It isn’t very often that one can reasonably claim that a band or musician feels like they’re just getting started on their twelfth and thirteenth albums, but that is truly the kind of stride that Holy Sons have hit between Fall of Man last year and, now, In the Garden.
That thick catalogue doesn’t even include the shelf load of other records that Emil Amos has made with his three other bands, Grails, Lilacs & Champagne and Om, all of which he has stayed productive with throughout the past decade or longer. Putting out solo material as Holy Sons since Lost Decade in 2000, Amos’ artistic vision has cut a path that only hindsight could blur into an unbroken line. Still, since at least as far back as Decline of the West in 2005, his modernist obscuring tendencies rubbed up against an affinity with the rugged individual singer-songwriters of rock’s gilded age.
His experimental bona fides firmly established, Amos has smoothed the edges and mastered the fine details of his singular approach. Producer John Agnello (Dinosaur Jr., Sonic Youth, Kurt Vile) helped Amos go after ‘the sound of a classic ‘70s record’ while playing every instrument himself - a feat In The Garden largely achieves. The yearning guitar riff circling the stoned blues build-up of “Denmark”, the coiled rhythm section on “Behind Glass”, the warmth and momentum of “Robbed and Gifted”; all uncannily replicate the chemistry of a naturally unfolding jam session.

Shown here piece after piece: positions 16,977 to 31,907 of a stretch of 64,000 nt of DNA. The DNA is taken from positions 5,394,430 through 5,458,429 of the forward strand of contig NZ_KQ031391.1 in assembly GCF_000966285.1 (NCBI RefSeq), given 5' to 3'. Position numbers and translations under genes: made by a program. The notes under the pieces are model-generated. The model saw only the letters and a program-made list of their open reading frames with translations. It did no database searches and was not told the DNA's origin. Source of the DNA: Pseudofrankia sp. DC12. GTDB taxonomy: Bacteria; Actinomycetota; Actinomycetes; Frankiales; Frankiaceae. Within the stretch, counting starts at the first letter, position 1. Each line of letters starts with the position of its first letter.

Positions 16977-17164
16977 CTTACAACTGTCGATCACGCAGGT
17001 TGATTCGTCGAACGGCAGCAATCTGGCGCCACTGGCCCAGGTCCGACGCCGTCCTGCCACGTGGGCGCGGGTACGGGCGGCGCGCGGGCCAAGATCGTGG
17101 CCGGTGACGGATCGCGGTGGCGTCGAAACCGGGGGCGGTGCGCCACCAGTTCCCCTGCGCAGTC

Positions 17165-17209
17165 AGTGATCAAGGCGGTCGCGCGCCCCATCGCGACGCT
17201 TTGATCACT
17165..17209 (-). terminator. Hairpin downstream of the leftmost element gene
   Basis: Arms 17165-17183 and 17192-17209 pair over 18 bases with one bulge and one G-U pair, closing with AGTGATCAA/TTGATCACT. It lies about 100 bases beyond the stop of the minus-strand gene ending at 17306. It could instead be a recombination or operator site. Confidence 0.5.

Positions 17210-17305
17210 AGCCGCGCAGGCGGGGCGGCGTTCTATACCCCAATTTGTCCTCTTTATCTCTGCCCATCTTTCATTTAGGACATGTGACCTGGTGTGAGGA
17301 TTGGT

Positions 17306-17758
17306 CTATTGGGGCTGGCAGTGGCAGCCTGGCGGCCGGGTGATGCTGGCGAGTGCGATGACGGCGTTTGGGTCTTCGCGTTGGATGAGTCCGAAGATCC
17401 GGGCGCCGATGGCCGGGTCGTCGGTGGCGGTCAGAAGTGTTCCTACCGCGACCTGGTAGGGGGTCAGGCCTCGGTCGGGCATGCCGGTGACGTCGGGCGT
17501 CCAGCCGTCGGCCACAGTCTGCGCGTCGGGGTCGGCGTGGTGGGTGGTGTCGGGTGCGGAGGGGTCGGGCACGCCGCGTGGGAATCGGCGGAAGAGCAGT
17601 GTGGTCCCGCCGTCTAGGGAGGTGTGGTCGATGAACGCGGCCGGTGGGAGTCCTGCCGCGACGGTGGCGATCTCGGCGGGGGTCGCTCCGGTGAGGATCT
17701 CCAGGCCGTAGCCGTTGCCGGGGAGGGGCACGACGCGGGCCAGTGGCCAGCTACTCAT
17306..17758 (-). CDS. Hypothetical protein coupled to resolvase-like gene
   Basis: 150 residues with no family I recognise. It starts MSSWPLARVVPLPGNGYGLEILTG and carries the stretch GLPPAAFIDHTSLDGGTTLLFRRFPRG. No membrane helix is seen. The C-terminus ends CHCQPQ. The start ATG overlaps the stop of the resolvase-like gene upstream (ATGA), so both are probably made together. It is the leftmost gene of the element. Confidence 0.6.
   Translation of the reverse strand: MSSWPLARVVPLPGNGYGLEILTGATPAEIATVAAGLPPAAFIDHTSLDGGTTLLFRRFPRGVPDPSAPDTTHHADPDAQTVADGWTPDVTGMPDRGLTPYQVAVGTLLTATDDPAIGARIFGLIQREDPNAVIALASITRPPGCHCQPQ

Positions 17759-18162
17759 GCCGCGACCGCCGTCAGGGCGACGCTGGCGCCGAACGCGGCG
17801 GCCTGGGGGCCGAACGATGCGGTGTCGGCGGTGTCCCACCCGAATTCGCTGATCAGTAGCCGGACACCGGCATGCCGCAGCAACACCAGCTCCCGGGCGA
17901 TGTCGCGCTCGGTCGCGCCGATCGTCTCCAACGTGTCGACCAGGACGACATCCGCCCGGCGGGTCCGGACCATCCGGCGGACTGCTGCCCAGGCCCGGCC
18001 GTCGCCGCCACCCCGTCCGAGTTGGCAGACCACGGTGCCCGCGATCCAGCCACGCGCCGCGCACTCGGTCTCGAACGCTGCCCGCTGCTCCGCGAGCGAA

Amos’ appreciation of pop history’s deeper cuts shines on the album’s coup de grace, a cover of “It’s My Feeling”, originally recorded by Del Shannon in 1967 with Andrew Loog Oldham for an album, Home and Away, that wasn’t released until a remixed version came out in 1978 under a different title. Slowed down a step here, the arrangement strengthens the melody and the song glows with sincere sweetness. This is becoming habit for Holy Sons: finding peers in the past and sometimes even doing them one better.